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Dark Arena by Jack Beaumont

Dark Arena by Jack Beaumont

Jack Beaumont is part of a wave of new espionage and thriller authors who have come out of the security services. John Le Carré was in the British security services, but probably the best known of these authors in recent times is former head of MI5 Stella Rimington. Jack Beaumont, formerly of the French secret service, or DGSE, is one of a new crop of espionage authors that also includes former CIA analyst David McCloskey (Damascus Station). Beaumont’s first book The Frenchman introduced Alec de Payns, former airforce pilot and now spy with the DGSE (the path also taken by Beaumont in his career) concerned a potential terrorist attack on Paris and a possible mole in the DGSE. De Payns, still affected by the events of The Frenchman, and his team are back in the follow-up Dark Arena.

Dark Arena revolves around the running of agents to uncover a multipronged plot orchestrated by Russia. As the book opens, an agent is killed bringing classified information back from the field but at the same time, other information is being dropped into the ears of Western security services, urging them to take action against Russia. In order to follow the trail of evidence, de Payns has to go undercover on a luxury Mediterranean yacht. Meanwhile, his team are trying to determine what other services know, who is leaking the information to them and why. All of this taking place in the shadow of a looming war in Ukraine because, while the action does not come date stamped, it is clearly taking place in the months before Putin’s invasion.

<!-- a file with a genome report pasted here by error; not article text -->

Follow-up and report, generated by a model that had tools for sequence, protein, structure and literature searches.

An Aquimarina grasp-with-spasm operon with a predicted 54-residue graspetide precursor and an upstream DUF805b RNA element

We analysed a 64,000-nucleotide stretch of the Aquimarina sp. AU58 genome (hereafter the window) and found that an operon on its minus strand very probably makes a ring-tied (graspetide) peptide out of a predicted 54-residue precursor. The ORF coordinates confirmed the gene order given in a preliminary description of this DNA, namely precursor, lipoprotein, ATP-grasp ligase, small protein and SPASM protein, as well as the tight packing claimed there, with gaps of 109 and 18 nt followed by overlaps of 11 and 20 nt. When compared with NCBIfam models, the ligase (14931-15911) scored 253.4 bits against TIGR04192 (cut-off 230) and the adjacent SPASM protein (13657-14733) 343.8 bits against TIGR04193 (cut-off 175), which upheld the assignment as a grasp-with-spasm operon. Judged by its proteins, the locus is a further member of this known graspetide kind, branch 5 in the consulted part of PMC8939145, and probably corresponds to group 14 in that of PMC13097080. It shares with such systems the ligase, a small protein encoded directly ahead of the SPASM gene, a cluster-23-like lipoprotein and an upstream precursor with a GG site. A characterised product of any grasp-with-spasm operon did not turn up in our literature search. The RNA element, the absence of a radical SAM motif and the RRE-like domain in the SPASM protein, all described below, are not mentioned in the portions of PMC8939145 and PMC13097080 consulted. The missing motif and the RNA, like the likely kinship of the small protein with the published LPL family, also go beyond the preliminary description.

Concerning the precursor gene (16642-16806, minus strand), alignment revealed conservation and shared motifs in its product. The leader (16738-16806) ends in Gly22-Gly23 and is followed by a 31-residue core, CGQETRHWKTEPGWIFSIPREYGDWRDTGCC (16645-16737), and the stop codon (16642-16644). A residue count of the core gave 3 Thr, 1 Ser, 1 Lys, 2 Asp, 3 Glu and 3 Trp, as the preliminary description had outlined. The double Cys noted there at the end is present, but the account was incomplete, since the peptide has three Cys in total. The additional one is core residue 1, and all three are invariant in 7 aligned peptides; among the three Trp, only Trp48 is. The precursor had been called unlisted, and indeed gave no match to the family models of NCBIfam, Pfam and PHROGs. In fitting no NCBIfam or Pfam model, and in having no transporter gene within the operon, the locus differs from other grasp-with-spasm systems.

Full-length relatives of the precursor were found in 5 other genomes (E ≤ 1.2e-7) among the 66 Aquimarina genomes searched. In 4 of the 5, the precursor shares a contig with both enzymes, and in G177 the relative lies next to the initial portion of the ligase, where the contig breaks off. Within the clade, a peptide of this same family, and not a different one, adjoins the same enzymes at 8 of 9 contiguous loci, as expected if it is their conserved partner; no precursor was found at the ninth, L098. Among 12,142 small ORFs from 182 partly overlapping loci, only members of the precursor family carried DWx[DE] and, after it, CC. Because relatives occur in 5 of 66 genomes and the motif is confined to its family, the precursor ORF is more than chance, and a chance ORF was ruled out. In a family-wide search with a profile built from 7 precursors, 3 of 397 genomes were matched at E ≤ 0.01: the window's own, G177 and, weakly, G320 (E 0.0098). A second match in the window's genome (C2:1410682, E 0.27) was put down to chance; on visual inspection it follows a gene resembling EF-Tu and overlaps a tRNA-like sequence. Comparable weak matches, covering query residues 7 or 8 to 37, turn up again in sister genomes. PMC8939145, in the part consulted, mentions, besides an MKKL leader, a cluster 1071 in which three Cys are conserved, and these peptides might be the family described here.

Dark Arena is replete with spy craft – dead drops, cut outs, mobile phone tracking, secret identities and interagency bickering. All of which feels very authentic. But the only character with any depth or range is de Payns himself. And that is limited to: agent with PTSD, worried about his family who nevertheless will see the job through. The rest of the characters are agents with fairly interchangeable roles or brief point of view chapters involving characters on the other side. The action builds to a couple of action set pieces as de Payns and his team try to foil various plans but probably the tensest part of the novel is the undercover mission onboard the yacht.

All of which makes Dark Arena a spy novel that is likely to be most appreciated by espionage aficionados. Others may find the amount of jargon and technobabble detracts from their ability to connect with character and plot. But for those after a book that allows them to feel that they are deep in the workings of the security services, albeit in a highly fictionalised sense, Beaumont delivers.

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Dark Arena by Jack Beaumont

$32.99 AUD


Wrap Up

Dark Arena by Jack Beaumont



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